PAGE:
Processing.js Aftermath

It’s been fascinating to watch the outpouring of interest and creativity that’s surrounded the recent release of Processing.js.

First things first, the project has been moved over to Github. This will help with the collaboration/patching process going forward.

A number of patches have already been provided by active users and have been merged into the main code base (which can be found in the project history).

Some of the changes that were made:

  • Virtually all of the demos now work in Webkit (save for the text rendering ones) in addition to Firefox 3.
  • Chris Davenport provided support for QUADS, QUAD_STRIP, TRIANGLE_FAN, and TRIANGLE_STRIP implementations in beginShape/vertex. Also endShape(CLOSE) support was added.
  • Renato Formato provided a patch for handling curveVertex and curveTightness correctly.
  • A patch from Felipe Gomes includes the addition of the LEFT/CENTER/RIGHT and mouseButton globals. The contextmenu is now prevented, as well, from right clicks. Additionally, a new init.js file was created (which is more robust than what was initially provided).

I’ve pulled together a quick round-up of the different, interesting, posts, demos, and projects that I’ve found, relating to Processing.js.

Getting Started

Will Larson has written a series of articles that detail how to best get started playing with Processing.js:

Additionally, the basic demos have been broken down and included in an interactive wiki.


A number of new demos have been created, at this point. Here’s a couple that I thought were pretty interesting.


There’s been some significant effort towards creating an interactive development environment for Processing.js.

Press / Blogs

There was a bunch of feedback concerning the project release – overwhelmingly positive, as well. Some of my favorite responses thus far:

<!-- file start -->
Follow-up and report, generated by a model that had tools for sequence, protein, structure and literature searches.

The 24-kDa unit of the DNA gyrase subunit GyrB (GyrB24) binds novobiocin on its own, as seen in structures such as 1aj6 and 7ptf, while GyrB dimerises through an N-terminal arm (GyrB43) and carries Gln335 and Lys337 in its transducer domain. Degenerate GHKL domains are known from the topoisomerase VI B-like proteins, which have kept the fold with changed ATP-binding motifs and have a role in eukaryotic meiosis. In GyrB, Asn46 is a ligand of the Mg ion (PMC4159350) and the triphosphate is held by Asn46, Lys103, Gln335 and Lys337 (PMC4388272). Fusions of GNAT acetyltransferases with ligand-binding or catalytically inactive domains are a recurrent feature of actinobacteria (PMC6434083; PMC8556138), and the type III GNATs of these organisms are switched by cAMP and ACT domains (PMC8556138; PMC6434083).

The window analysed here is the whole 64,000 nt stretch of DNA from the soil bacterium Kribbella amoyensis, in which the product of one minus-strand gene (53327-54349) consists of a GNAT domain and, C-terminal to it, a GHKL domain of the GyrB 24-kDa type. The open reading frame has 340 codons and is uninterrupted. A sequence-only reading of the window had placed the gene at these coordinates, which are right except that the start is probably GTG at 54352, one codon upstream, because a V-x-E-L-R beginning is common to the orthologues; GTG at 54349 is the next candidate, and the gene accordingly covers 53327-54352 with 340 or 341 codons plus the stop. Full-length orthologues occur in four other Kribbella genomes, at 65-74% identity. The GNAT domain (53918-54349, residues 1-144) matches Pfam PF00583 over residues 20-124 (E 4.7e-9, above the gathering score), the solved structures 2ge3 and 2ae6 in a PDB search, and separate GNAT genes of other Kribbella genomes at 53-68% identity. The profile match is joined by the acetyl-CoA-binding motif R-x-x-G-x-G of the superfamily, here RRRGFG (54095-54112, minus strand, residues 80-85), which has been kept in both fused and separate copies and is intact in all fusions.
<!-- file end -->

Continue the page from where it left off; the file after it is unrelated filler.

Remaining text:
Wired: “We cover a lot of language and software developments here at Compiler, but this might be the most impressive thing we’ve ever seen.”

Chris Blizzard: “Easy to drop in graphical interactive elements into other sites with the same transparency and zero-barrier to learning we’ve seen from the rest of the web. Think about how fast that stuff might spread on the web, how we might end up with people sharing and learning together and how much better the experience on the web might be in the end. That iterative process is one that needs starting points and what John has done is give us a great starting point. ”

Andy Baio: “one of the most amazing hacks I’ve ever seen… could Processing.js be the beginning of the end for the closed-source culture of rich media tech?”

Also: Scott Hanselman, Kottke, Simon Willison, Peter Kirn, and Ajaxian.

It also made a bunch of social sites (with some interesting discussion taking place): Slashdot, Digg, Y Combinator News, (2), and Reddit.

Posted: May 14th, 2008

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